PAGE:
Lee (Jonathan Braylock) is the jock.

IFC: Why do you think the world is ready for this series?

Dara: Because everyone’s feeling major ’90s nostalgia right now, and this is that, on steroids while also being a totally new, silly thing.

Delight in the whole season of The Place We Live right now on IFC’s Comedy Crib. It’ll take you back in all the right ways.


New Nasty

Whips, Chains and Hand Sanitizer

Turn On The Full Season Of Neurotica At IFC's Comedy Crib

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Jenny Jaffe has a lot going on: She’s writing for Disney’s upcoming Big Hero 6: The Series, developing comedy projects with pals at Devastator Press, and she’s straddling the line between S&M and OCD as the creator and star of the sexyish new series Neurotica, which has just made its debut on IFC’s Comedy Crib. Jenny gave us some extremely intimate insight into what makes Neurotica (safely) sizzle…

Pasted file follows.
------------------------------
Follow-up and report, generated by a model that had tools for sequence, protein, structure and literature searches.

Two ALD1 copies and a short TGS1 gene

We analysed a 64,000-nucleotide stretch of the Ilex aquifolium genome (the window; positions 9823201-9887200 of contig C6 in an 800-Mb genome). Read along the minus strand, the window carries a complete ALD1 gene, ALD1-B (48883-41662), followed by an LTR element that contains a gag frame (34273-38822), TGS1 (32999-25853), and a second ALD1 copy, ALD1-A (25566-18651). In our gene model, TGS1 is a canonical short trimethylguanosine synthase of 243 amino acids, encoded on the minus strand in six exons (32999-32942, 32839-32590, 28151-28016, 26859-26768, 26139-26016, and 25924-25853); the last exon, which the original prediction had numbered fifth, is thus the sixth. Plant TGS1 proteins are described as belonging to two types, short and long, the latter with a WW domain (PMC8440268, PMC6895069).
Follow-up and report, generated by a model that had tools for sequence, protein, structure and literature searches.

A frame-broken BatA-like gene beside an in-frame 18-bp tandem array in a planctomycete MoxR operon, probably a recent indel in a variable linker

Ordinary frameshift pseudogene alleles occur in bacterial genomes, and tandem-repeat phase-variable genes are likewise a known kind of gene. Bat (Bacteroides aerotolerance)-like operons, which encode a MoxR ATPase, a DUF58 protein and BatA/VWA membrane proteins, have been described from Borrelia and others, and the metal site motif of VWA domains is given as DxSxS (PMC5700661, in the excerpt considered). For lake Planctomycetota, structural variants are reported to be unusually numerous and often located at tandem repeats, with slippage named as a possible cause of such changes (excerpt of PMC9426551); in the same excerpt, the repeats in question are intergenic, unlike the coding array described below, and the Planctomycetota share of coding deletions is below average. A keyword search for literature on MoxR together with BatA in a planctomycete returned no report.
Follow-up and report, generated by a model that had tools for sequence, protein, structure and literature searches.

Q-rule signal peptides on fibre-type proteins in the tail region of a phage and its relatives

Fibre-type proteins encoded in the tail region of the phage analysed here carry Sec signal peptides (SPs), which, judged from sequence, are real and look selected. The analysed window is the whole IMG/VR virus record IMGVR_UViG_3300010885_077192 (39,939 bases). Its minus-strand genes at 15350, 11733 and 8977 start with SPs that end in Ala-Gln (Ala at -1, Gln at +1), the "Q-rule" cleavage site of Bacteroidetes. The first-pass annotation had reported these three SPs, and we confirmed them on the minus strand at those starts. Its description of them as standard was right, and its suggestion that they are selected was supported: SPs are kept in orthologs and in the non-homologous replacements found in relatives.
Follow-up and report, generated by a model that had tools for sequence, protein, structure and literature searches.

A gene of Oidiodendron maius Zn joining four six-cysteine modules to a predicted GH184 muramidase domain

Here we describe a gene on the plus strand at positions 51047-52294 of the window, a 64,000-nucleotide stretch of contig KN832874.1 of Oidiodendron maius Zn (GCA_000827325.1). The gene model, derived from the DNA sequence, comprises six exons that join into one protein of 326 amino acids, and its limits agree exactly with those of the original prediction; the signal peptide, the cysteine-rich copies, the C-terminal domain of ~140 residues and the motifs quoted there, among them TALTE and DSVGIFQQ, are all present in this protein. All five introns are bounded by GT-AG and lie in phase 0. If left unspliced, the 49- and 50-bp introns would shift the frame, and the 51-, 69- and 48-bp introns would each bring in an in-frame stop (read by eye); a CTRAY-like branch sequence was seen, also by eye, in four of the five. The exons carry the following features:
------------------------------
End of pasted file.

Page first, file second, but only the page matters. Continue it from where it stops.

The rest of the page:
IFC: How would you describe Neurotica to a fancy network executive you met in an elevator?

Jenny: Neurotica is about a plucky Dominatrix with OCD trying to save her small-town dungeon.

IFC: How would you describe Neurotica to a drunk friend of a friend you met in a bar?

Jenny: Neurotica is about a plucky Dominatrix with OCD trying to save her small-town dungeon. You’re great. We should get coffee sometime. I’m not just saying that. I know other people just say that sometimes but I really feel like we’re going to be friends, you know? Here, what’s your number, I’ll call you so you can have my number!

IFC: What’s your comedy origin story?

Jenny: Since I was a kid I’ve dealt with severe OCD and anxiety. Comedy has always been one of the ways I’ve dealt with that. I honestly just want to help make people feel happy for a few minutes at a time.